Page:United States Statutes at Large Volume 108 Part 4.djvu/269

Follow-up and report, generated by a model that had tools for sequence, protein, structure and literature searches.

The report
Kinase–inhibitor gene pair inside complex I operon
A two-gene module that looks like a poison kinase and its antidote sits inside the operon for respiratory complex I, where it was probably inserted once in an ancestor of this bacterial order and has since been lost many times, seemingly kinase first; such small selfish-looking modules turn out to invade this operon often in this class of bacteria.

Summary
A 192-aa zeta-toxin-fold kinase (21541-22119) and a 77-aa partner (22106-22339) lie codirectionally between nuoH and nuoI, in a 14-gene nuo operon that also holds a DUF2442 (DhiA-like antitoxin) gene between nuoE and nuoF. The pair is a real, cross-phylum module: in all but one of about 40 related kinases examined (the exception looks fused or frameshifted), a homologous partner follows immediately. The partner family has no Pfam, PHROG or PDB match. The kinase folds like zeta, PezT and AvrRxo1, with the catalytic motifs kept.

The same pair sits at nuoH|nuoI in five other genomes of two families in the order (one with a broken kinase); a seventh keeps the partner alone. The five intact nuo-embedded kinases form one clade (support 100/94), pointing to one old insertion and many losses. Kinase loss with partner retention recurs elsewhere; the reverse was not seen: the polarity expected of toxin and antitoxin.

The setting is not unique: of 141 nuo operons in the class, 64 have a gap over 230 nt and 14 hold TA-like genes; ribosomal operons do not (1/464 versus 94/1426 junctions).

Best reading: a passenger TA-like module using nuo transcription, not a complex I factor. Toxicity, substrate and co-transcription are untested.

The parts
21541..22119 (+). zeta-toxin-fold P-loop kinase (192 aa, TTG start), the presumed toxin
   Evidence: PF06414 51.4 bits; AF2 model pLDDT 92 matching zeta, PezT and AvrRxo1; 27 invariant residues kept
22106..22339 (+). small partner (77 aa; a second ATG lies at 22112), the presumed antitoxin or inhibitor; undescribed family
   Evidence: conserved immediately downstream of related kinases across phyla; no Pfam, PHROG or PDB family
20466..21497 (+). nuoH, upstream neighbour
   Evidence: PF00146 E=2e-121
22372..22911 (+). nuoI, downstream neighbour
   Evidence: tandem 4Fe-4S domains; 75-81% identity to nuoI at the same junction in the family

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PUBLIC LAW 103-337 —OCT. 5, 1994 108 STAT. 2903 of the Israeli Defense Force over any combination of adversaries. (2) Congress continues to recognize the many benefits to the United States from its strategic relationship with Israel, including enhancing regional stability and technical cooperation. (3) Despite the momentous peace process in which Israel and its neighbors are productively engaged, Israel continues to face difficult threats to its national security that are compounded by the proliferation of weapons of mass destruction and ballistic missiles. (4) Congress is supportive of the objective of the President to enhance United States-Israel military and technical cooperation, particularly in the areas of missile defense and counterproliferation. (b) SENSE OF CONGRESS. —It is the sense of Congress that— (1) the President should ensure that any conventional defense system or technology offered for release to any NATO or other major non-NATO ally should concurrently be available for purchase by Israel unless such action would contravene United States national interests; and (2) the President should make available to Israel, within existing technology transfer laws, regulations, and policies, advanced United States technology necessary for continued progress in cooperative United States-Israel research and development of theater missile defenses. SEC. 1322. READINESS OF MILITARY FORCES OF THE REPUBLIC OF KOREA. (a) FINDINGS.— Congress makes the following findings: (1) Under existing security arrangements between the United States and the Republic of Korea, responsibility for the defense of the territory of the Republic of Korea is allocated so that the Republic of Korea has primary responsibility for the ground defense of its territory and the United States has primary responsibility for air and sea defense of the Korean peninsula and for reinforcement. (2) The Force Improvement Program of the Republic of Korea.-has not fiiliy addressed critical shortfalls in its ground force capability which continue to exist even though the Republic of Korea spends approximately $12,000,000,000 annually on defense while the Democratic People's Republic of Korea spends approximately $4,000,000,000 annually on defense. The Republic of Korea has directed substantial defense resources to procuring submarines, destroyers, advanced aircraft, and other military systems that are marginal to its primary ground defense responsibility. (3) The defense acquisition decisions of the Republic of Korea have had the effect of not allowing the Republic of Korea to attain self-sufficiency in its ground defense responsibility. As a result, there exists an undue burden on the United States for the ground defense of the Korean peninsula. (4) The lack of intelligence capability to forecast the military intentions of the Democratic People's Republic of Korea presents major problems for the combined United States-Republic of Korea defense of South Korea.